The DVLA today said such use was "inappropriate" and it was "urgently...
...raising an invoice to send to Castrol."
The DVLA's sideline in selling data to marketing companies is under renewed scrutiny after Castrol used it to target drivers with personalised billboard advertising. The poster campaign - at five high profile locations in London - was scheduled to run for two weeks but was pulled last week after just four days, following …
Oh yeah? Sounds a bloody sight more "appropriate" than the service being punted on the telly at the moment where you text in a registration number and get back all the details on the car and a ballpark value based on what it is.
I wonder where the information to tie a registration number to a specific make, model, year and specification of car required to do this is coming from?
"DVLA provides vehicle information under strict contractual terms to the motor industry to ensure vehicles are fitted with the correct parts, including brakes, tyres and oil."
So before the DVLA did this people were always fitting the wrong parts to their cars? The only way of finding out the make and model of your car is to ask the DVLA?
They are either stupid or liars.
Well, that's a useful service. The correct oil for your car is obviously "absolutely anything that isn't Castrol", since you'd essentially be loading your engine with 7 parts oil and 3 parts empty air, representing the proportion of the sticker price that goes to their Strategy Boutique to think up "exciting, intriguing" intrusive marketing bullshit.
there's also someone at the moment advertising a service where you sned a text with a car reg number and it comes back with make/model of the car and an estimate of its current value + some stats on performance etc. Clearly aimed at someone looking to buy a 2nd hand car ... but I suspect there must be some potential for misuse.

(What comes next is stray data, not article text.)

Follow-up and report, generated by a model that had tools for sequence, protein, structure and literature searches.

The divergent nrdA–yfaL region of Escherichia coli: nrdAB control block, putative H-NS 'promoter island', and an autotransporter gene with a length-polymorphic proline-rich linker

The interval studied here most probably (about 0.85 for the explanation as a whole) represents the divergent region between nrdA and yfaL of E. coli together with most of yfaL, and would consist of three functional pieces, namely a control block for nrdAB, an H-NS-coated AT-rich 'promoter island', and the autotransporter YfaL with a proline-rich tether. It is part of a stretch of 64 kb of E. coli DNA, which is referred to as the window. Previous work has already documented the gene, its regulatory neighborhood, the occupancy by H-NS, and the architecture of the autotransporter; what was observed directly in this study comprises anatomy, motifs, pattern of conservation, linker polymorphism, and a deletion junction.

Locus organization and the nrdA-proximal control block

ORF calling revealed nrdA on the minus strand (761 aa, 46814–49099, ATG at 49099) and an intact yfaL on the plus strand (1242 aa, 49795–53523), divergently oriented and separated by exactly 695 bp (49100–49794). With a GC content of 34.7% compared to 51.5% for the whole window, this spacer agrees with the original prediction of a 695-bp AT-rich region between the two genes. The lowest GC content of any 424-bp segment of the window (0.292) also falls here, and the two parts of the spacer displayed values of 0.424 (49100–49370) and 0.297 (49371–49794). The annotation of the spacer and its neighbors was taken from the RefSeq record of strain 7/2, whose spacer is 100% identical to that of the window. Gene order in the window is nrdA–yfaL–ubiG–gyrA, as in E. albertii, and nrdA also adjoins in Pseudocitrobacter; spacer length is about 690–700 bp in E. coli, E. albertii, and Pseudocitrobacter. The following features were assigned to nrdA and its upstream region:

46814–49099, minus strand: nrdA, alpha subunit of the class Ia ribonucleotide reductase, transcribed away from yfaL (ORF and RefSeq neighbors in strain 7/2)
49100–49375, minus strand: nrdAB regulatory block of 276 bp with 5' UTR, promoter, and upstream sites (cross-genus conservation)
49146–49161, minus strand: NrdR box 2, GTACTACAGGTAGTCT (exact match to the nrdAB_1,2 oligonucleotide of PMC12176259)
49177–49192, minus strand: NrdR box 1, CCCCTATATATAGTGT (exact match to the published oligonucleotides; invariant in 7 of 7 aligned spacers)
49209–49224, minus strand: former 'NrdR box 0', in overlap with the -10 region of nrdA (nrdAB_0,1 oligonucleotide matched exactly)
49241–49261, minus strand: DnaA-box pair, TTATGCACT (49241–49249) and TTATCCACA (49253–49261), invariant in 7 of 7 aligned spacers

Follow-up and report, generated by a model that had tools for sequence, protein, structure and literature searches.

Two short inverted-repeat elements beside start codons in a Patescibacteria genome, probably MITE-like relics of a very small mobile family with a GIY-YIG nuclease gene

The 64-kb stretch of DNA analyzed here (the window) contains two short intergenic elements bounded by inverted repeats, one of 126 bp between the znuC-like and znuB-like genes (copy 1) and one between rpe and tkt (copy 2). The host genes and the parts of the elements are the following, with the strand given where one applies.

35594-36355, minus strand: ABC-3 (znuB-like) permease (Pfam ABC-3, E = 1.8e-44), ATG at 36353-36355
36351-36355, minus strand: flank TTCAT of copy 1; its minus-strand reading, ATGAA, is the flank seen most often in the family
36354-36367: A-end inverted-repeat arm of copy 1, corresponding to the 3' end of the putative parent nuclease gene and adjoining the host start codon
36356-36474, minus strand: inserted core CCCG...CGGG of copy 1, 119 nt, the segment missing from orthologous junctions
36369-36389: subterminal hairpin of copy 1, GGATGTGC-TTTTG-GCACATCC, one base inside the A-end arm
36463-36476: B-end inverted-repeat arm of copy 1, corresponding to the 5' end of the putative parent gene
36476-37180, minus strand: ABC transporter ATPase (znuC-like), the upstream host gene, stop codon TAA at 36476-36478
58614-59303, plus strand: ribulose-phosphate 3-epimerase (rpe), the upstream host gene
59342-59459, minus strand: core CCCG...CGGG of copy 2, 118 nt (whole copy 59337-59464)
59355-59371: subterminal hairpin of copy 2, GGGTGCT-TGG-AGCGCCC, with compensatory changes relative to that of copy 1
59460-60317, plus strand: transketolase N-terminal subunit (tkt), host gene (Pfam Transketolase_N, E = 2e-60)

All it is is your car information. What good/bad is that going to do to anyone? I dont understand why anyone would worry about somone else knowing what car they have?
Surely if you did, you would want to gouge everyone's eyes out for looking at you when you drive past them in your car?
You're not going to stop companies advertising, so I why stop them trying to sell you things you might actually want, or dare I say it, need??
So what? it got the make and model from the number plate and used that to suggest oil?
1. If the recognition software was better it wouldn't need the number plate.
2. You don't own a number plate, the DVLA do (not even a chavvy one).
3. There were no personal details used
Now, if it flashed up the last recorded owners name, that would be a problem.
Although, distracting a specific driver (deliberately) is probably a bit stupid, my guess it's just a publicity stunt, if you object to this then boycot Castrol, if you have your oil changed at a garage then tell them you don't want Castrol, simple.
Lucky it was Castrol, a reputable company and public, so people are aware of it and lucky the only info published was the oil requirement. But it also means that data is likely being misused by less reputable less public companies.
If DVLA let the data out for such trivia, then it's been handed out freely to all comers for all reasons.
If the details held by the DVLA for your registration are out of date then it's *your* responsibility. IIRC failure to inform the DVLA of any change is subject to a fine of up to £5000, withdrawal of your sad personalized plate and confiscation of the vehicle.
Are you saying that the DVLA think your plate is assigned to one vehicle, while you've fitted it to another? If this is the case then how do you get a valid tax disc? The disc has vehicle details on it which presumably won't match your current car. Futhernore this would mean your insurance was invalid. Which means your either some sort of insurance dodging scumbag or you're talking nonsense.
Which is it?
Surely Castrol would be better aiming the adverts at the people actually responsible for changing engine oil.
The number of drivers who know where to top up their oil is probably falling year on year, especially as the current wave of motors that don't allow you or indeed anyone but the manufacturer to do an oil change, Audi for example.
So this is what we can expect when the Go Vermin start to flog off the data in the NHS system.
Course you could always look up the registration no on any of the insurance websites (minor screen scraping needed). I also remember that some of the tyre companies had them (national?)
not that anyone would check the details to match whats registered against say a carpark and flag up 'unwanted / suspect' ones for tipoffs....